PRIDE & PREJUDICE: Keepsake Edition Blu-ray Review

A&E®’s cherished and critically-acclaimed production of Jane Austen’s enduring classic arrives in its most lavish and comprehensive set in the Pride and Prejudice: Keepsake Edition available on Blu-ray and DVD January 14 from Lionsgate Home Entertainment. With a masterful script, deft direction and star-making performances from Colin Firth and Jennifer Ehle (Zero Dark Thirty), Pride and Prejudice transports viewers to Georgian England, where affairs of the heart are an exquisite game, and marriage the ultimate prize. But Elizabeth Bennet — spirited, independent and one of five unmarried sisters — is determined to play by her own rules and wed for love, not money or privilege. Will her romantic sparring with the mysterious and arrogant Darcy end in misfortune — or will love’s true nature prevail?

Now, nearly 20 years after this masterful production first graced television screens — and 200 years since the original novel was published — the exquisite Pride and Prejudice: Keepsake Edition arrives with never-before-released bonus material including a featurette celebrating the 200th anniversary of Jane Austen’s most popular novel, and two featurettes exploring love, courtship, money and social class in the early 19th century England.

The 1995 BBC mini-series adaptation of Pride and Prejudice was apparently a cultural phenomenon, but one my teenage self was not really conscious of in a time when we didn’t even have cable TV, let alone this new “internet” thing. I doubt I had even read the novel at that point in my life, though I’ve since read it several times and become a fan. So when the opportunity arose to check out the new 2-Disc Keepsake Edition Blu-ray, I jumped at the chance. Despite this, I had a mild sense of overwhelming dread when the time came to actually sit down and watch it. Almost six hours for the series, plus special features — could I really slog through it all? I decided I couldn’t. I’d watch the first episode and the special features; that’d be enough to write a review, and I’d get to the rest of it eventually. But thank dog I had set aside viewing time on a lazy day I didn’t have any other plans, because I was hooked from the first, and ended up watching the whole series straight though. I was positively giddy with delight by the end of the first episode, and I just got sucked in to watching the whole thing.

So much is done right in this mini-series. The casting is pretty much pitch perfect, and the actors keep you engaged throughout. Of course, this is the feature that really launched the career of Colin Firth (The King’s Speech), whose Mr. Darcy fits the bill as the swoon-worthy “darkly handsome, brooding hero” in tight pants. Jennifer Ehle (Zero Dark Thirty) is charming as Elizabeth Bennet, and brings vivacity, wit, and an extra sparkle to the part — everything you hoped for in a screen version of Eliza. Though anyone who hasn’t read the novel might suspect Alison Steadman and David Bamber of overacting and find their characters off-putting, rest assured that they are truly playing Mrs. Bennet and Mr. Collins with the shrill ridiculousness and obsequious unctuousness, respectively, assigned to them by Jane Austen.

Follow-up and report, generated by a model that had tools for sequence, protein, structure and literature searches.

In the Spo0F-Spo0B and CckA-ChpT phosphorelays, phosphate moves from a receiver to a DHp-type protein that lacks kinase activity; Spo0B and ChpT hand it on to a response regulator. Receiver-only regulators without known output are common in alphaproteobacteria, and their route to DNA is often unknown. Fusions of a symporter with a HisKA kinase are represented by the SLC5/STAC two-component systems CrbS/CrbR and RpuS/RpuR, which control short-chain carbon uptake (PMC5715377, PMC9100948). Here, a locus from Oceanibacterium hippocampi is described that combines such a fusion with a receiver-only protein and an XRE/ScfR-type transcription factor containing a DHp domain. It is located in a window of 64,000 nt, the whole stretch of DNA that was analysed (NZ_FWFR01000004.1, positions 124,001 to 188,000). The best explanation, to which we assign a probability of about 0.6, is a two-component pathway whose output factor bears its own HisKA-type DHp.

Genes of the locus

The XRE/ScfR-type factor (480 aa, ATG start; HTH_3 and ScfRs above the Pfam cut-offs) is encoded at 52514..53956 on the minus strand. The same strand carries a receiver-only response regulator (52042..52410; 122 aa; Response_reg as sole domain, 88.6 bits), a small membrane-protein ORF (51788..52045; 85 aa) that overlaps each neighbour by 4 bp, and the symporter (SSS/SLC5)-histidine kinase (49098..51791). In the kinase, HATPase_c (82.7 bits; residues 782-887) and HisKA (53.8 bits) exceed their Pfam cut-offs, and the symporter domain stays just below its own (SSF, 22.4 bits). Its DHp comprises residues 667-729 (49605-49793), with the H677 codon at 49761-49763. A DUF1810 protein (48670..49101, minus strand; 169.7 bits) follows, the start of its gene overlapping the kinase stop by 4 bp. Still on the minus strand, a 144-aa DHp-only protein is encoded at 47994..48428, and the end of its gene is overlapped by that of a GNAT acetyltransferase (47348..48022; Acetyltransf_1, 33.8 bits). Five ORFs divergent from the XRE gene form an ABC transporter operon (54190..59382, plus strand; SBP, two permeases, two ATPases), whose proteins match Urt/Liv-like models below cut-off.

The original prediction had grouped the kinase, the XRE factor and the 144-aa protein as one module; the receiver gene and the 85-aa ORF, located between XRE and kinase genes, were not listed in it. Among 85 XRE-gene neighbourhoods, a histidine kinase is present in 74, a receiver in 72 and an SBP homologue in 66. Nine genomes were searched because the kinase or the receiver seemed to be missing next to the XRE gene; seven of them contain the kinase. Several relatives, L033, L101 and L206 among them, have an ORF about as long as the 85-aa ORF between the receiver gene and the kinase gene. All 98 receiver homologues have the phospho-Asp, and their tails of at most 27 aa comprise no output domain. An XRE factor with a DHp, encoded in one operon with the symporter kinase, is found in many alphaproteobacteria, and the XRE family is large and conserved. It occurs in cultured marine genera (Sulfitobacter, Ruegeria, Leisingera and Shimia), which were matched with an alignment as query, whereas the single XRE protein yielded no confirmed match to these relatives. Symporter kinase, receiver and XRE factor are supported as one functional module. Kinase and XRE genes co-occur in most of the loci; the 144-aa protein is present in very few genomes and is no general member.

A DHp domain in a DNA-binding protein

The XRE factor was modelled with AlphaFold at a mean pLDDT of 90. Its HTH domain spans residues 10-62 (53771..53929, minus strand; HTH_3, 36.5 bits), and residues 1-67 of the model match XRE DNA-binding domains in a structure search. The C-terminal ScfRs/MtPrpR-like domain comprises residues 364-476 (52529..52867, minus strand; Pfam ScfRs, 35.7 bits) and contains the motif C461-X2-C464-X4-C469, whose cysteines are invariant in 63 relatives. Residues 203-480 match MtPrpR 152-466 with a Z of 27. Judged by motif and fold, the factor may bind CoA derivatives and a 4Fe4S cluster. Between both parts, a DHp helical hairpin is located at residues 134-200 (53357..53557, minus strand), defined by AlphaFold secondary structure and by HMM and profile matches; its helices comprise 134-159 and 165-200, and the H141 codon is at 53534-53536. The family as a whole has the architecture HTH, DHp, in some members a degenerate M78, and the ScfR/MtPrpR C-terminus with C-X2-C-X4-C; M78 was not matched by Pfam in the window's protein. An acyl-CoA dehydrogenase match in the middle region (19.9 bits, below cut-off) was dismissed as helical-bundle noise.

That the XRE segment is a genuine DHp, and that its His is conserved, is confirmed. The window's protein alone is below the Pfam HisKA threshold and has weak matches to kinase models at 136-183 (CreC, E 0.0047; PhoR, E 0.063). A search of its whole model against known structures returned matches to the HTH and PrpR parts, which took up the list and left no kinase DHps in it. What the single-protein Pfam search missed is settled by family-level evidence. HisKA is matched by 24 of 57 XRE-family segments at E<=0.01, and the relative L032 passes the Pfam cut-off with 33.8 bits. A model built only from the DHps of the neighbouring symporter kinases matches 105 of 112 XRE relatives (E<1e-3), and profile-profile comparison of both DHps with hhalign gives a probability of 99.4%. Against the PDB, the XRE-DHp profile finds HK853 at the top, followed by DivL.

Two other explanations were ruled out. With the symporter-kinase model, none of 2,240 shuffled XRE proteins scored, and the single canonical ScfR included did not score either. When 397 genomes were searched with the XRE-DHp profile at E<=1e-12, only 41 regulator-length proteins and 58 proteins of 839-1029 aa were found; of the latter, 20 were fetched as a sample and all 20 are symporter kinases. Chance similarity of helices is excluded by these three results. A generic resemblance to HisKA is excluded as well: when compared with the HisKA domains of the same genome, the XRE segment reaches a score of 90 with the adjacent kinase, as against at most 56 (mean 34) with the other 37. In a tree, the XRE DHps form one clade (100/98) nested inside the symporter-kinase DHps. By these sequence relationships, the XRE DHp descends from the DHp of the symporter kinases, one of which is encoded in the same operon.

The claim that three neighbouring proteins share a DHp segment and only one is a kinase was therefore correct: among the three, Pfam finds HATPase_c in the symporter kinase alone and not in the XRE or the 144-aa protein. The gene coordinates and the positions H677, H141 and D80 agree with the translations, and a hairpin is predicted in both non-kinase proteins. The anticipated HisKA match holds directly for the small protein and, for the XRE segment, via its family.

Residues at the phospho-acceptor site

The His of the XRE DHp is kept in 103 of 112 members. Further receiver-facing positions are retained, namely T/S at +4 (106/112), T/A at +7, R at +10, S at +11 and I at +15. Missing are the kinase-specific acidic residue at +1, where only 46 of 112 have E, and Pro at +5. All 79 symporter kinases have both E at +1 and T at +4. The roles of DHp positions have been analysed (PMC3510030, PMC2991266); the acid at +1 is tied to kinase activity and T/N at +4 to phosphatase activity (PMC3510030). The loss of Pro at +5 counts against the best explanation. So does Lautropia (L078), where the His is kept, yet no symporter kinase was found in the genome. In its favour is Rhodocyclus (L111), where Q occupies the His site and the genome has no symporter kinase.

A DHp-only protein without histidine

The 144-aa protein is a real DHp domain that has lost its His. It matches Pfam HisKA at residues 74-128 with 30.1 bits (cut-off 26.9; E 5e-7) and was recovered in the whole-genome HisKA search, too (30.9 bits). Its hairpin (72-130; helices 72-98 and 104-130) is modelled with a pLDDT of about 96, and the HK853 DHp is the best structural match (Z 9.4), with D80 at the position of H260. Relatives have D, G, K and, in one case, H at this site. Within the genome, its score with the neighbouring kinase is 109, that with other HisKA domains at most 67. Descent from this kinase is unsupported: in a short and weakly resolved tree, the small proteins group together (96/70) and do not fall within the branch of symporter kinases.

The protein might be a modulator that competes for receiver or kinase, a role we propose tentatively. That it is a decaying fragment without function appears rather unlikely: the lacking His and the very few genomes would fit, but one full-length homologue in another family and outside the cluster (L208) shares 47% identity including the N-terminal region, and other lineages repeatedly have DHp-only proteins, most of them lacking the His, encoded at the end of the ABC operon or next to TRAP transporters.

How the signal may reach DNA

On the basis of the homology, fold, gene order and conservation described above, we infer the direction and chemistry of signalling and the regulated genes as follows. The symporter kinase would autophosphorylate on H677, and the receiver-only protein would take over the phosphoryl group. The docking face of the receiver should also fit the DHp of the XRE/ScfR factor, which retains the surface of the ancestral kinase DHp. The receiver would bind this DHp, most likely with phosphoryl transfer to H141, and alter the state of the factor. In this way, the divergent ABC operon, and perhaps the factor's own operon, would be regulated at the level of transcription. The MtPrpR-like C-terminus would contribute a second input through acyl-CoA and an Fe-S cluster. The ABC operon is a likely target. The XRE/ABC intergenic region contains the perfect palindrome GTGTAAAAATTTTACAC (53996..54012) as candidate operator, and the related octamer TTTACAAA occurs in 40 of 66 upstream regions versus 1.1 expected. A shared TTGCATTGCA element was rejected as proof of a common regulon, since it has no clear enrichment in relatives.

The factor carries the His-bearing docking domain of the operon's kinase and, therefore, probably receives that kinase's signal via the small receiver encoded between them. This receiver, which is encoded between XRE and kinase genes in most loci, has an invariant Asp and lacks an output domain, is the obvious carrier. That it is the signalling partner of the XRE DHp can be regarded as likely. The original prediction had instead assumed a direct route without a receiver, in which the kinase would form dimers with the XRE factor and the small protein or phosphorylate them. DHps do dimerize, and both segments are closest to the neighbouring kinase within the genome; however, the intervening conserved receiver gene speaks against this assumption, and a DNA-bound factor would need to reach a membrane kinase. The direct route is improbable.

The production is top-notch as well. This was the first BBC series to be shot entirely on film, and the upgraded picture achieved from the HD transfer from the negative is gorgeous. The English manor houses and countryside locations are lovely, and a large portion of the series was shot outdoors. I have nothing but praise for the costumes, hair, and make-up, all of which combine to provide subtle clues to the personalities and dispositions of the characters.

As someone who is usually a book literalist, I was very pleased with the adaptation of the novel. It’s approachable, with a modern feel, while still being true to the period and the source. As for the logistical choices, it was a smart decision to shoot it as a mini-series rather than a single movie. The six-episode length is satisfying, not to short and not too long — just enough time to tell the full story. It’s a fairly faithful adaptation to the book: the omissions and changes are subtle, understandable, and not annoying. Nothing of major importance is left out or greatly changed. Probably the biggest challenge in moving from novel to screen was the fact that so much of the book, especially the latter half, consists of narration through the reading and writing of letters. These sections are handled fairly well, mixing scenes of letter writing, letter reading, flashbacks, and voiceovers to keep things from getting too dull.

The Blu-ray itself is attractively packaged, consisting of two discs with the six episodes and several featurettes. The bonus materials are interesting and include reminisces from cast, crew, and creative team, though not the two leads. The featurettes cover everything from the historical context of the novel to the making of the series, with a variety of information about Austen, Georgian society, production stories, music, costumes, and the series’ relationship to popular culture at the time. Overall these features are interesting — there is some repetitiveness, but not too much.

All in all, this edition of Pride and Prejudice exceeded my expectations. I can certainly recommend it if you’re a fan of the novel, period pieces, and/or any of the actors. With the recent success of a multitude of British shows here in the U.S., I can only hope a new generation of fans who might not even be familiar with Austen will find and appreciate this release.

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